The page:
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The Differences Between Red and Heirloom Tomatoes

Updated: May 1, 2021

Believe it or not, there are many different kinds of tomatoes out in the world, most common being the red tomato. You might be familiar with those as they're in salads, on burgers, and thrown at bad comedians.

Let's start with the basics of tomatoes: is a tomato a fruit or vegetable? This existential question has plagued civilizations for centuries and continues to be a mystery to this day...


...actually just kidding. A tomato is a fruit.


Now that we've gotten that outta the way, let's get to the subject at-hand.


Red Tomatoes Vs. Heirloom Tomatoes

From the surface, it's apparent that red tomatoes and heirloom tomatoes are visibly different. Reds look normal and familiar, while heirlooms can appear a bit strange to someone who hasn't seen one before. By looking at the featured image of this blog, you'll know what we're talking about. But despite an heirloom's funny look, they taste just as great as any red tomato; however, there is a difference in how they hit the taste buds.


Red tomatoes have a more acidic taste, whereas heirlooms are sweeter. One's not better than the other, it just really comes down to personal preference.


But that's not the only thing that separates the two types of tomatoes. As a matter of fact, it gets much more scientific and technical.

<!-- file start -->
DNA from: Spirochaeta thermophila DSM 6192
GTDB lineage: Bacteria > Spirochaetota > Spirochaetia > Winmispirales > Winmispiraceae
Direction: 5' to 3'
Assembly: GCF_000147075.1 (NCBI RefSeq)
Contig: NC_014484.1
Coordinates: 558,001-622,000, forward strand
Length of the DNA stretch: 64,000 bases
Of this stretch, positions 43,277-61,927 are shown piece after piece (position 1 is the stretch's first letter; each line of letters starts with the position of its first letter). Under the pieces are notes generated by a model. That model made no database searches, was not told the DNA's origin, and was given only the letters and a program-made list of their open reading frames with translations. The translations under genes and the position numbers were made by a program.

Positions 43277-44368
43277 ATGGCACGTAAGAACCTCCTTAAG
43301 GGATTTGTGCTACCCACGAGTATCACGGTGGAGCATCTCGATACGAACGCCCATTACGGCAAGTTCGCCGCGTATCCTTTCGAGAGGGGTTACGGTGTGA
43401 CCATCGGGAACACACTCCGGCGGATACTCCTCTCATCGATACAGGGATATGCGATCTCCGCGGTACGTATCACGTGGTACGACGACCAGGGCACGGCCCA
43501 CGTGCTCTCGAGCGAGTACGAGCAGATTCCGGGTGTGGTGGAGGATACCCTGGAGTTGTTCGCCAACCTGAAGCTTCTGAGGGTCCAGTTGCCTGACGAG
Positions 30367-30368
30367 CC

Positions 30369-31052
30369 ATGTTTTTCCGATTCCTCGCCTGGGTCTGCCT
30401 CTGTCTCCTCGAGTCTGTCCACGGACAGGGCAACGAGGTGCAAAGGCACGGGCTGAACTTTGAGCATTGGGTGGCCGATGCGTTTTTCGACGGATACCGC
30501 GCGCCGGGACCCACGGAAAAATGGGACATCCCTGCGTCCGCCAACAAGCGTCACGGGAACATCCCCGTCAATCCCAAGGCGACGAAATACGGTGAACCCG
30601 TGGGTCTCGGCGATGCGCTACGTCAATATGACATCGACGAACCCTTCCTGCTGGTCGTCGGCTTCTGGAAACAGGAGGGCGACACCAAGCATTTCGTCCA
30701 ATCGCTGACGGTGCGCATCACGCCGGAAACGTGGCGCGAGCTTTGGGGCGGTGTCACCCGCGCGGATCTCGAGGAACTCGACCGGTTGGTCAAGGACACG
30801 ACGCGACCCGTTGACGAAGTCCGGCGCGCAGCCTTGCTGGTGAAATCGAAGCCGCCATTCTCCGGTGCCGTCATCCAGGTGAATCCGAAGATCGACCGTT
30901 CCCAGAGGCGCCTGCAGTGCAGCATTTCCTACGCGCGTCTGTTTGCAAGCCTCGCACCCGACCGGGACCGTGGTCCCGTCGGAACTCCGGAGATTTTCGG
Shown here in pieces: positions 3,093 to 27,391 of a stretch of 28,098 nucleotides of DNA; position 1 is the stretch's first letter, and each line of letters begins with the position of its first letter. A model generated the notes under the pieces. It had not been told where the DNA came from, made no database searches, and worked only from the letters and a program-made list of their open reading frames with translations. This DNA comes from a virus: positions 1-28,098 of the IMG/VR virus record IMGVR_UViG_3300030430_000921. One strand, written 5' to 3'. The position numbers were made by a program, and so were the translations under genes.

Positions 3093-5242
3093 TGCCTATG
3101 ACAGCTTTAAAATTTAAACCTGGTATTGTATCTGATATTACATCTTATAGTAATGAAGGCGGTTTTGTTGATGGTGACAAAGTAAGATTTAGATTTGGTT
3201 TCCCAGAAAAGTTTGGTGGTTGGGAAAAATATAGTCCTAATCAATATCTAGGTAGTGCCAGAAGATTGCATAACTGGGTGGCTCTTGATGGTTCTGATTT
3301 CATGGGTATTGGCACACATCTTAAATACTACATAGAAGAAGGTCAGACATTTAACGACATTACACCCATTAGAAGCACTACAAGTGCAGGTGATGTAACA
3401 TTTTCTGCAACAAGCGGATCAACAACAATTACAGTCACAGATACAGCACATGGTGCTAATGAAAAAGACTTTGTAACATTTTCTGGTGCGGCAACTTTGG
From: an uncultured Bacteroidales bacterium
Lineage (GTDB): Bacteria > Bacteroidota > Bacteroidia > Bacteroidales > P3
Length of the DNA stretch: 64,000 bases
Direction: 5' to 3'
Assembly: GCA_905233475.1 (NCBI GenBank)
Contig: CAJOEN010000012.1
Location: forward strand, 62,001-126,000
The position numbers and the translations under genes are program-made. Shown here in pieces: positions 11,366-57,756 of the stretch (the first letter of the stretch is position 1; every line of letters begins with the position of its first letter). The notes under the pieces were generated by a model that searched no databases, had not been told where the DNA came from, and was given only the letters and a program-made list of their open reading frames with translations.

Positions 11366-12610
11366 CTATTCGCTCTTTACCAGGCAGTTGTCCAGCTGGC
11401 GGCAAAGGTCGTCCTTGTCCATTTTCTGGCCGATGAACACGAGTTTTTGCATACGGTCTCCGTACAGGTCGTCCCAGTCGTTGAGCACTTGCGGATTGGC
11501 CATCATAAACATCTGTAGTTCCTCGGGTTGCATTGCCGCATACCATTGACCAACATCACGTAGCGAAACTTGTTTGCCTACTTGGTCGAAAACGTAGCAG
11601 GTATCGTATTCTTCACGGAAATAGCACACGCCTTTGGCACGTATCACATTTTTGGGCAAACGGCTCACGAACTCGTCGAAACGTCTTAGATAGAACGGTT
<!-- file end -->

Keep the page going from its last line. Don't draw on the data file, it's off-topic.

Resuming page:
What is an Heirloom Tomato?

According to Hunker.com, "Heirlooms are prized for their diversity of color, shape and flavor and come from plant seeds that are at least 50 years old," (Peterson, 2021). This also means no crossbreeding, as other tomatoes like the red, are crossbred to have specific characteristics and attributes that make them sturdier against disease and last longer on the shelf.


And it's not just in crossbreeding that makes them so different, but in how they're planted.


One source on this, Michelin, states that, "Heirloom varieties are open-pollinated. This means you can save seeds from heirloom tomatoes, plant them, and expect them to grow into new tomato plants. If two or more varieties are planted close to one another, you might just end up with a new variety!", (Tan, 2017).


As said before, regular tomatoes are generally crossbred to have a longer shelf-life, where heirlooms might not last as long. For anyone looking to purchase and eat a tomato in the same day, an heirloom is the perfect way to go.


Finally, what might appear to be bruising, discoloring, or breakage in the fruit due to water is actually a natural character trait of the heirloom. Purple coloring is perfectly normal and one of the green variety can still be ripe.


Are Red Tomatoes Crossbred and is That a Bad Thing?

"Crossbreeding" might seem like a bad word when it comes to food, but it's really not. Most of the tomatoes at supermarkets happen to be crossbred, or more accurately, cross-pollinated.


Cross-pollination happens within the same species of tomato, but is used to create a stronger, more durable tomato (a super-tomato!). This allows these tomatoes to last longer and fight off diseases that would naturally affect an heirloom.


Red Tomatoes and Heirloom Tomatoes at Fiddlers' Farm

If you're interested in either red or heirloom tomatoes, you're in luck! Here at Fiddlers' Farm, we have a wide variety of tomato options to choose from. Just check out our Vegetables/Fruits page or the Farmers Markets page to see where we'll be selling our produce.


To learn more, send us an email at info@fiddlersfarmalabama.com.





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